Published 28 June 2010 by Akshat Rathi

A history with future: the Lindau Meetings

After the opening speeches by many people associated with the Lindau meetings there was a small panel discussion on the meetings. The panel consisted of a Lindau alumnus of the 1959 meeting, Horst Grimme; a Lindau alumnus of 2008, Bilge Demirkoz; Winner of Physics Nobel 1973, Ivar Giaver and Winner of Chemistry Nobel 2004, Aaron Ciechanover.


Horst Grimmer, now an Emeritus professor of biology, attended the Lindau meeting as a resident of Lindau and reminisced those days: how the laureates all dressed so well and how it was impossible for him to avoid the temptation of gate-crashing these meetings even as a high school student. Later in the early 1960’s, Grimmer attended the meeting as a student of pharmacy and what followed at that meeting changed his life. On the recommendation of a Laureate, he took up research in photosynthesis and went on to become a professor of biology.
Bilge Demirkoz, attendee at the 2nd inter-disciplinary meeting, was rewarded beyond her expectations of the meeting. She came here wanting to get inspired by the Laureates, get a chance to learn about their science and may be talk to them personally. All that happened but what she remarks was her most unexpected reward was the connections she made with fellow researchers. As a physicist at CERN, she hardly sees other scientists and it was a great experience for her to meet biologists and chemists from all over the world. She still keeps in touch with many and is proud of the connections she made.
Ivor Giaver remembered how the meetings were attended only by German students till as recently as 10 years ago. He remarked on the difficulty of being selected as a researcher to come to the meetings now and said, “Congratulations! You have to be lucky be here. Nobel Prize winners do not admit that to win the prize they have to be lucky as well and hopefully you (students) haven’t used up (all) your luck (to come here).”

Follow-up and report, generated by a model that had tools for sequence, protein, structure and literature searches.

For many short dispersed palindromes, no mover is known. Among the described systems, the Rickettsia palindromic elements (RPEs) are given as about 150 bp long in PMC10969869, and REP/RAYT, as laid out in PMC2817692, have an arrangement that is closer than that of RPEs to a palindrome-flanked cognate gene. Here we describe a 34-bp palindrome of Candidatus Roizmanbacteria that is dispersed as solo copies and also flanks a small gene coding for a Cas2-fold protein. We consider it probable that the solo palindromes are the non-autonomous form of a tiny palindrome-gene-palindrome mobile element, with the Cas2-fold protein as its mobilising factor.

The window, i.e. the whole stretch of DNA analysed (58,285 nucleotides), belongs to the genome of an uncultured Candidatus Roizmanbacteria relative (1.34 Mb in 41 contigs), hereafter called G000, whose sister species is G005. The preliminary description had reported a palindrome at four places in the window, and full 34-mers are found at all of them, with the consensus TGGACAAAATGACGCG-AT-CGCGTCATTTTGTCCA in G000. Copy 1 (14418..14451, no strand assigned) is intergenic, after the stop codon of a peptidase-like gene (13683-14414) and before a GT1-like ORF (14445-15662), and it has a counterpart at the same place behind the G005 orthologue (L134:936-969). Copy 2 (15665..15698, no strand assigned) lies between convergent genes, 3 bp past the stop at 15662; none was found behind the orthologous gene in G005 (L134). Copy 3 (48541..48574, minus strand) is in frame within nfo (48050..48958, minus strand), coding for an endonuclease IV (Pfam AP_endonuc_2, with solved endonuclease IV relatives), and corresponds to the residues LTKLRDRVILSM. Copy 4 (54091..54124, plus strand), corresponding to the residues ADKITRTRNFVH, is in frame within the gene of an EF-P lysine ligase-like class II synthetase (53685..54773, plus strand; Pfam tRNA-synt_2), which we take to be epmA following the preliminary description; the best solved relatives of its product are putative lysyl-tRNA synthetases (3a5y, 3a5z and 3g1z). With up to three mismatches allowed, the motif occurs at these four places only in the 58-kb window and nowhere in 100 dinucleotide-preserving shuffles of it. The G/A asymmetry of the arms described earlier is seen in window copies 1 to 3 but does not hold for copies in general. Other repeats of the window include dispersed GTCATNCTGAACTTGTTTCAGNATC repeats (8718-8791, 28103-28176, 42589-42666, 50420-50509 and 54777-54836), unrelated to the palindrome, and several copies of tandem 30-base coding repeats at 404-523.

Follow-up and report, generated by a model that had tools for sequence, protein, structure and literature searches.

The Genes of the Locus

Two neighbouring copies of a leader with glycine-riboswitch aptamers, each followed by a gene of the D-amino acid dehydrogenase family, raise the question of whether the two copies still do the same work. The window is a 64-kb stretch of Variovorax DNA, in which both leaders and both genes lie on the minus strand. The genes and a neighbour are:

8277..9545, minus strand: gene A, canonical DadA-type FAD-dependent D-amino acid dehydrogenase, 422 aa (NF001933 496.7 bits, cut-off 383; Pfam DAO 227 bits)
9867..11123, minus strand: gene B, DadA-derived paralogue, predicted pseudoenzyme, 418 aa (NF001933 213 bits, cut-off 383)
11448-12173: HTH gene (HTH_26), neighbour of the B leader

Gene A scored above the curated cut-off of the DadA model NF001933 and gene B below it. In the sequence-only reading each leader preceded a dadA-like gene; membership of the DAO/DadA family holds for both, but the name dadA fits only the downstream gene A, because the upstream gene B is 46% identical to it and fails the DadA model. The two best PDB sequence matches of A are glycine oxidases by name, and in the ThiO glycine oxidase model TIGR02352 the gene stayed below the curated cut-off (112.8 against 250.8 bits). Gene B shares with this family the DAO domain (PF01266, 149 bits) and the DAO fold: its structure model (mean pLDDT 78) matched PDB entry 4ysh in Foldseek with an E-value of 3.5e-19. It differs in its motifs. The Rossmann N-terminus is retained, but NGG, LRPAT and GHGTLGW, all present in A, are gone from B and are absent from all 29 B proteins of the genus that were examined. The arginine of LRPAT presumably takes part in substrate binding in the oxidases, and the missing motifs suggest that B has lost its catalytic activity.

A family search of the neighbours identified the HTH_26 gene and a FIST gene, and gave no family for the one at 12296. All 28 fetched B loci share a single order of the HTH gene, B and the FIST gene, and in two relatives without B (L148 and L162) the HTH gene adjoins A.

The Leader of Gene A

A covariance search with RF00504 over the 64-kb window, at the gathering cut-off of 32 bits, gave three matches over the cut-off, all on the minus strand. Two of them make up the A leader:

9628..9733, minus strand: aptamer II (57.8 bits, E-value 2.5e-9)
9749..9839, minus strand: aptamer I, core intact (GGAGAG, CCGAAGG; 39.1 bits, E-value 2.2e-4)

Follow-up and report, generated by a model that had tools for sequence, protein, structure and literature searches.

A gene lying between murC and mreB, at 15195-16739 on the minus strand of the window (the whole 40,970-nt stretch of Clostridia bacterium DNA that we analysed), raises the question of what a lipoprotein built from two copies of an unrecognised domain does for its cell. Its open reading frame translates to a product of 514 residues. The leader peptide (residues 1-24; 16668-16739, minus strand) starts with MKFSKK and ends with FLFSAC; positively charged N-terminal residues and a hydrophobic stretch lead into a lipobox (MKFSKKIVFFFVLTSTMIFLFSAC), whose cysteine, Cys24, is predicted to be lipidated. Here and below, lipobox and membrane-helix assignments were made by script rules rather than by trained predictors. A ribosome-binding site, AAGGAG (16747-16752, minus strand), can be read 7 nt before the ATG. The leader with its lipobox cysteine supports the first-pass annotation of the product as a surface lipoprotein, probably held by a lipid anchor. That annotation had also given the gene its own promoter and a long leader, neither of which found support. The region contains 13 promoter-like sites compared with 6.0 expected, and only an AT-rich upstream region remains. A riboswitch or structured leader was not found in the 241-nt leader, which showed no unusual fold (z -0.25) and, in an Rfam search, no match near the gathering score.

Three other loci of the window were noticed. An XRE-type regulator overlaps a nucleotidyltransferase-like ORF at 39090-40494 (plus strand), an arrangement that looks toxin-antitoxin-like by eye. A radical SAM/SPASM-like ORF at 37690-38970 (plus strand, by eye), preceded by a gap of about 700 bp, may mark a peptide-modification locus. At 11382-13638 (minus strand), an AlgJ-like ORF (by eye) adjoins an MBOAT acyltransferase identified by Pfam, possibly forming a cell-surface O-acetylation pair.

Aaron Ciechanover stressed not only on the importance of the inter-disciplinary role of the meeting but also on the opportunity to meet people from so many countries. He made it clear that Nobel laureates are simple people, “walk on two feet have two hands and two eyes, speak broken English like mine and push (their curiosity).” Discoveries that lead to Nobels are sometimes done by embarrassingly simple experiments and that fact should enable the researchers to believe in the power of their own science. He also urged the researchers to discuss the big problems facing humanity today.
This week is touted as the week when Lindau is the smartest town in the world and as Christof Bosch put it in the opening ceremony that Lindau is also the most intelligent response to the biggest issues facing the world today. The Lindau meetings, now in its 60th year, have provided a great platform to researchers to gain from the laureates and have, deservedly so, celebrated science. These meetings, with no doubt, have a great history of always having its eyes on the future.

Akshat Rathi

Akshat Rathi is a reporter for Quartz ( in London. He has previously worked at The Economist and The Conversation. His writing has appeared in Nature, The Guardian and The Hindu. He has a PhD in chemistry from Oxford University and a BTech in chemical engineering from the Institute of Chemical Technology, Mumbai.